Okayama Igakkai Zasshi (Journal of Okayama Medical Association)
Online ISSN : 1882-4528
Print ISSN : 0030-1558
A case of atypical psychosis characterized by periodic stupor, with marked epileptic factors
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1969 Volume 81 Issue 1-2 Pages 71-83


A 16-year old girl. It is said that there was a psychotic case in the relatives on the paternal side of the patient. Her hereditary history remains obscure, but her own history is uneventful.
A review was made of this case who had episodes of stuporous state six times, and episodes of delutional-hallucinatory state twice since the age of 13. Clinical and EEG observations were carried out from Nov. 1965 to Aug. 1966, and from March 1967 to July 1967 when she was admitted to our clinic. The results are breifly summarized as follows.
The stuporous state which presented mutism and akinesia as the principal symptom was difficult to differentiate from the stupor observable in schizophrenia, and it developed in a day or two at the onset, which lasted for about two weeks and then was alleviated. During this period of episodes she showed no noteworthy symptom of disturbed consciousness and she could recall what had happened to her precisely.
Her EEG revealed that paroxysmal abnormal waves characterized by spike wave were inhibited during the stuporous state, but in the stage of remission paroxysmal abnormal waves appeared spontaneously and were activated easily by hyperventilation.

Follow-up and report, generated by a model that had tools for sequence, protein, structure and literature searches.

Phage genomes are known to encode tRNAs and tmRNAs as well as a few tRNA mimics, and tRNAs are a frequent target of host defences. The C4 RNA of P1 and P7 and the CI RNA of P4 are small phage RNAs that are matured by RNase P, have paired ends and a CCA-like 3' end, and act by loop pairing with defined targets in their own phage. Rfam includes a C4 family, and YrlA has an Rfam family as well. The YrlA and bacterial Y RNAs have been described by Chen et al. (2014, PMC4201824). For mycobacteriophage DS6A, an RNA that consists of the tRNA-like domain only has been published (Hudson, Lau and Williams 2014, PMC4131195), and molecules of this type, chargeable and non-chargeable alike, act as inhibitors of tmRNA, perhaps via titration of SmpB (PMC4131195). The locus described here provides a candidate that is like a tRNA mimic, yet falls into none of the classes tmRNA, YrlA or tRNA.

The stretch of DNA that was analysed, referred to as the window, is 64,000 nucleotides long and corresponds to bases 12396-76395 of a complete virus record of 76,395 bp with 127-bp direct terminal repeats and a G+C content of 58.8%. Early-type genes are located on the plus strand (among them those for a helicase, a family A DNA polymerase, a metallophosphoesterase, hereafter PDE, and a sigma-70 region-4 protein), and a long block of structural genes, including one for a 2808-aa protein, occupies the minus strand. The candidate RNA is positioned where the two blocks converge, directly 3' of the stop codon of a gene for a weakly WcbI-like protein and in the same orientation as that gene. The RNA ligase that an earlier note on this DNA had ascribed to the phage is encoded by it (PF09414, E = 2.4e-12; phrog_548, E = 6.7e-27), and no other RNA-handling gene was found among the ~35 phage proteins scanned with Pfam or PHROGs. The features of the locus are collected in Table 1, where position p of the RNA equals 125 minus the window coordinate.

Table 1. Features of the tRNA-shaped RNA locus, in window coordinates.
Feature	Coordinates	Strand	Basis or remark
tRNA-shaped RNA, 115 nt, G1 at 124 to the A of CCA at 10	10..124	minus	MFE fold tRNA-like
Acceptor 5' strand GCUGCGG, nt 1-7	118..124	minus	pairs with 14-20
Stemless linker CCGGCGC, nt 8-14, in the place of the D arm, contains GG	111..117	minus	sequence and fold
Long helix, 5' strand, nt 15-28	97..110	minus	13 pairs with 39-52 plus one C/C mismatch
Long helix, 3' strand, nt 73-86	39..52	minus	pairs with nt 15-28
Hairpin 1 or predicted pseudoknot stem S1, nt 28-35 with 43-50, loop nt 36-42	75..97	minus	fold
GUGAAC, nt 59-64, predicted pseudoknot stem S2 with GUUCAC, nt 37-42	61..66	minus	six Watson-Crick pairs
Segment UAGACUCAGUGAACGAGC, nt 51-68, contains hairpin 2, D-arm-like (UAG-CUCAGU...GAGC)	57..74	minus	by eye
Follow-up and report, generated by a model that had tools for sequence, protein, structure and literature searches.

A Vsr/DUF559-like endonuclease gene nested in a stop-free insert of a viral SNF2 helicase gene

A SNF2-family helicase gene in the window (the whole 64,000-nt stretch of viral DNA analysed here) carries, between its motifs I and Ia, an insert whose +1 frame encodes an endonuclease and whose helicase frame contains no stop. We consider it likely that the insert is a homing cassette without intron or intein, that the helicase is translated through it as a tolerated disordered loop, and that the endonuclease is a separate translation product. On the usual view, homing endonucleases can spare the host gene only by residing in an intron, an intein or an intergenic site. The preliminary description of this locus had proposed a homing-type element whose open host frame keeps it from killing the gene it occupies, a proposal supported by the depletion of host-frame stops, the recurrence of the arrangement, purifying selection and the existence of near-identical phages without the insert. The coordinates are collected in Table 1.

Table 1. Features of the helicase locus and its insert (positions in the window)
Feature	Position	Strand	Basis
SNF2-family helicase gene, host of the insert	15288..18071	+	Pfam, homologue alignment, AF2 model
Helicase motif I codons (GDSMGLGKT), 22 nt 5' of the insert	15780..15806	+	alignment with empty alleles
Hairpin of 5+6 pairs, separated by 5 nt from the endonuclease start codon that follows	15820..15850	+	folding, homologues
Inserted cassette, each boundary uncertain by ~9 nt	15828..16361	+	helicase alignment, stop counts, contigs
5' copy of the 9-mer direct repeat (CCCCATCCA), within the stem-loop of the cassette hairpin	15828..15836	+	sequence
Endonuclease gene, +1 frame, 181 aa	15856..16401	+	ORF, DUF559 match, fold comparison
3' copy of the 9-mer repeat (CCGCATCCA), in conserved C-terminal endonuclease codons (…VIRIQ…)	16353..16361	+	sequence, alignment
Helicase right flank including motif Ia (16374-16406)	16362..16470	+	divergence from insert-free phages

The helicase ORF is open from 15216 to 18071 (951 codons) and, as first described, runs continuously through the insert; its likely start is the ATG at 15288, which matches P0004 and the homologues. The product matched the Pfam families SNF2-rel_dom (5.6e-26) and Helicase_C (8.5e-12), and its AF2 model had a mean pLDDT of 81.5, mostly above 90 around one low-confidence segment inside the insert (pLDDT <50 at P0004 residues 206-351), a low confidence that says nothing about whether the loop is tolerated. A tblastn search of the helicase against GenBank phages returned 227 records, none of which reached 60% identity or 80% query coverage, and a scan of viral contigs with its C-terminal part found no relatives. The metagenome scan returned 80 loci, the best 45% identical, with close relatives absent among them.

This stuporous state could be alleviated transiently by the administration of amytal sodium, and also with a large dose of valium it was improved. On the contrary, anti-epileptic agents had no effect at all on the stuporous state.
From the characteristic features of the psychotic state, this case could be construed as a type of atypical psychosis, but paroxysmal abnomality on EEG was similar to that of epilepsy, and so this was the case that had clearly shown to stand on the boundary line between atypical psychosis and epilepsy. Therefore, it seemed that epileptic factors of atypical psychosis should be dicided only after long, continuous observations of the case.
Some discussion was made on physiological mechanism inducing a stuporous state. Namely, the mechanism that induced a stuporous state seemed to have a close relation to the excitation of system which tried to inhibit the abnormal EEG, and this system was provably the reticular formation system of the midbrain.

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